The other day, I did a studio visit with the young artist and very recent OCAD grad (2010) Hugh Scott-Douglas.
I had seen his ceramic sculptures at a collectors home and fell in love with them. They were mid-sized, off-balance ovals and loopy shapes that were roughly modeled but heavily and sophisticatedly glazed. Some, he showed at Clint Roenisch’s gallery in a 3-day exhibition this spring, had working light bulbs in their ends.
I was expecting to see sculpture when I arrived, but Hugh’s tiny studio room was hung with paintings, which he was preparing for an upcoming show in L.A. (One of many shows this year, a testament to his ambition and social networking skills, but that’s another post, coming soon.)
He explained that while he studied in the sculpture program at school, he now worked in other media, mainly since he could stack more paintings together than he could store his extremely fragile, unfired clay sculptures.
A sculpture by Hugh Scott-Douglas. Image: verykunst.com
We spoke at length about his practice, mostly about ‘bad’ art, and the ‘willful idiocy’ that some young (and less young) painters have been bringing to their practices in recent years and which he is himself investigating.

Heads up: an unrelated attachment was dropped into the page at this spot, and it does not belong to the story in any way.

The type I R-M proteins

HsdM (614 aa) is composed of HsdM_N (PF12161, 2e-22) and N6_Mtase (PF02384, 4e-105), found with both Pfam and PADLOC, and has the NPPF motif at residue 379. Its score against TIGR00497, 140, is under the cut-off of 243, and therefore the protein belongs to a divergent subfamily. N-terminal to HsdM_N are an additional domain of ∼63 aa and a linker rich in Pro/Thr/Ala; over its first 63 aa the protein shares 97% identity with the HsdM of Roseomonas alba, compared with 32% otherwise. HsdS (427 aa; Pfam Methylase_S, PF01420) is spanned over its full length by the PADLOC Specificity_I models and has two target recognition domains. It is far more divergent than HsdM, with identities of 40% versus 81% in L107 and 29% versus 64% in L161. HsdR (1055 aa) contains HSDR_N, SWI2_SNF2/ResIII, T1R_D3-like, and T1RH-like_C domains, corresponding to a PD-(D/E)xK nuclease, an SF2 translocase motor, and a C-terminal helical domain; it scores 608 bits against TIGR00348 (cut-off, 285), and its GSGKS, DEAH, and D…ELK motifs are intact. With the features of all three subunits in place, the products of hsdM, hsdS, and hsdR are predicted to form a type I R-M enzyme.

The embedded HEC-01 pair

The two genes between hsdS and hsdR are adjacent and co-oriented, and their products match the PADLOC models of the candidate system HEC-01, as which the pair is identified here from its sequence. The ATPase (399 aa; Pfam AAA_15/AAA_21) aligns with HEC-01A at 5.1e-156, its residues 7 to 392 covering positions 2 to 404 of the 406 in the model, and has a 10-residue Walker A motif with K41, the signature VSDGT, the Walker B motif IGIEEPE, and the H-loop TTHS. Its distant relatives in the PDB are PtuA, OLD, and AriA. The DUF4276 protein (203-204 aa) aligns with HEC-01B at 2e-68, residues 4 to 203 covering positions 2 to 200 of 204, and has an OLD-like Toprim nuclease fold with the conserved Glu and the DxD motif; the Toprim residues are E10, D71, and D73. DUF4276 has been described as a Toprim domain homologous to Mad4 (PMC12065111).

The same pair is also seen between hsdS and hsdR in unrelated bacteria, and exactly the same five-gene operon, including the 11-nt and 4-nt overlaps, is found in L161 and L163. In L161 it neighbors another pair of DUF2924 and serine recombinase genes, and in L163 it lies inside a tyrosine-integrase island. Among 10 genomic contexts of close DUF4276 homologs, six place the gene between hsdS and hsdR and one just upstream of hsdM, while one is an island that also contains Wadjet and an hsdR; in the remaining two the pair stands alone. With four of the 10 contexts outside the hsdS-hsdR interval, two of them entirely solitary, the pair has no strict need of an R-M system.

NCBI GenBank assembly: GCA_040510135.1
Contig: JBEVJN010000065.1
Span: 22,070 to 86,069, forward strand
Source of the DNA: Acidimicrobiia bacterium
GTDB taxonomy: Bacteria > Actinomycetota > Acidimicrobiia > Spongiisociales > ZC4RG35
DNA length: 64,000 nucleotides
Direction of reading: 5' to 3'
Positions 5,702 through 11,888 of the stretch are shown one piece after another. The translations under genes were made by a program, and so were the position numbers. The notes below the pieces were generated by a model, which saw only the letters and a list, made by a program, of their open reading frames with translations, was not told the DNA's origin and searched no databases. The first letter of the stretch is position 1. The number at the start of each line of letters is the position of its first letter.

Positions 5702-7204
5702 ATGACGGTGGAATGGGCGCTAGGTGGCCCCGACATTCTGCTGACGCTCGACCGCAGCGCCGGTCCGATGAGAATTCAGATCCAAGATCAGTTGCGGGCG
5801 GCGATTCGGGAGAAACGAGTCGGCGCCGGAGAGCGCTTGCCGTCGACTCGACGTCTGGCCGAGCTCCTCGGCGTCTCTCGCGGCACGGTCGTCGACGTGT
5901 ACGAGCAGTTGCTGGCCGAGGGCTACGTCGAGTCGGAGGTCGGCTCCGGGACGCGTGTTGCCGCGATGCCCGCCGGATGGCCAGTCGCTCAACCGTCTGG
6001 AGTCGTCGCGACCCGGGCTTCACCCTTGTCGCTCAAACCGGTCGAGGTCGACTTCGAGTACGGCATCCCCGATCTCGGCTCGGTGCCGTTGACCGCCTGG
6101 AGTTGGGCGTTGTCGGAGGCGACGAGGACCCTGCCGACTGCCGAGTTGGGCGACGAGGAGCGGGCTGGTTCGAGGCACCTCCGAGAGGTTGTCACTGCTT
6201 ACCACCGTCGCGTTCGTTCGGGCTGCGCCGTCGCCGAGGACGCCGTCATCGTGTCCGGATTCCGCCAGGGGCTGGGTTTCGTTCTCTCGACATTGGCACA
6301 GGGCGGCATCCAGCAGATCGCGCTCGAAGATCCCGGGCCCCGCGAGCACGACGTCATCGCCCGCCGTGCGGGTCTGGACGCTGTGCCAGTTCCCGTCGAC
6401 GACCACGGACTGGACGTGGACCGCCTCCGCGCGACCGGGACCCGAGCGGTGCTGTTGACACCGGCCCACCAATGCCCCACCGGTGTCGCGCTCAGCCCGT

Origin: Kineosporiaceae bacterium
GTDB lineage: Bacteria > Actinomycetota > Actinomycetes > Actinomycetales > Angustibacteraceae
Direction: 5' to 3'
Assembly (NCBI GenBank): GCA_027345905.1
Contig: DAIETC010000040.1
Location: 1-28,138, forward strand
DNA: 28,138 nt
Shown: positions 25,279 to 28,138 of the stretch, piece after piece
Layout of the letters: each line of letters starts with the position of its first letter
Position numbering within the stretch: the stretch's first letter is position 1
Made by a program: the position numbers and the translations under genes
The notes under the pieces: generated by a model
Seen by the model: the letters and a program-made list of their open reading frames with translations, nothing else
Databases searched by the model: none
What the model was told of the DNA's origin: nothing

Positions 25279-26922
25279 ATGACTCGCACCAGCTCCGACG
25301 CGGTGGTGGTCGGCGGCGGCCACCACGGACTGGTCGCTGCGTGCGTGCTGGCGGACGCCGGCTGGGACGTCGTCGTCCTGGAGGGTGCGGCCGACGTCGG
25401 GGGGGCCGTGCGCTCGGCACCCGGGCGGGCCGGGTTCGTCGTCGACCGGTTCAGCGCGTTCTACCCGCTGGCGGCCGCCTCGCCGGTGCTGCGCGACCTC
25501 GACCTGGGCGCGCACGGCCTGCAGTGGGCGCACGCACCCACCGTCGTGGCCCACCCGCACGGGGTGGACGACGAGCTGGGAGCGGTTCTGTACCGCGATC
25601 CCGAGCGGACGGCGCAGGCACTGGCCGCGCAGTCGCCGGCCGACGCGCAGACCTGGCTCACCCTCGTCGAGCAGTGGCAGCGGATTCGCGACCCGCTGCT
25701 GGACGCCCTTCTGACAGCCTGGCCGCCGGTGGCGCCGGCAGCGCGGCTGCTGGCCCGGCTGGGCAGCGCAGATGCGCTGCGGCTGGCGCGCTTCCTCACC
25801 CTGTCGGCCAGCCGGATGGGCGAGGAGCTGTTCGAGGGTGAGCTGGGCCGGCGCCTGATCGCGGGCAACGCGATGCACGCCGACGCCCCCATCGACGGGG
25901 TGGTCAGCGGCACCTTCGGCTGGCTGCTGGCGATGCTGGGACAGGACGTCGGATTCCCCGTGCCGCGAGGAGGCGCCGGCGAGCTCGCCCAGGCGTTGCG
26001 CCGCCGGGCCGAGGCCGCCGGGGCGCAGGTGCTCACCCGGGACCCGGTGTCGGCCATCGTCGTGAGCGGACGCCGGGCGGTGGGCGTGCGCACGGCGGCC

I’m also interested in the idea of ‘bad’ art – in fact, what I loved about Hugh’s sculptures is the dichotomy between the off-kilter shapes and rich, heavy glazing. I love how much ‘bad’ art looks wonderful inside a white walled gallery. I love how clumsy execution is magically balanced by the artist’s intention. Of course, when artists make ‘bad’ art, it’s a deliberate move, a way of investigating new possibilities, or, as Raphael Rubenstein mentions in THIS article (that Hugh sent to me) a way of ignoring the ‘impossibility’ of painting.
I feel it’s also a reaction against the market. From THIS article “Waxing Durr” in the quarterly publication Art Lies, on what they term “retard art”: “Posed as an act of passive market resistance, this recent slackerdom ultimately occupies a position of privilege and luxury, highlighting the market’s ready recuperation of any production, even the most retarded.”
Check out Hugh Scott Douglas’s website HERE.
I think he’s definitely one to watch.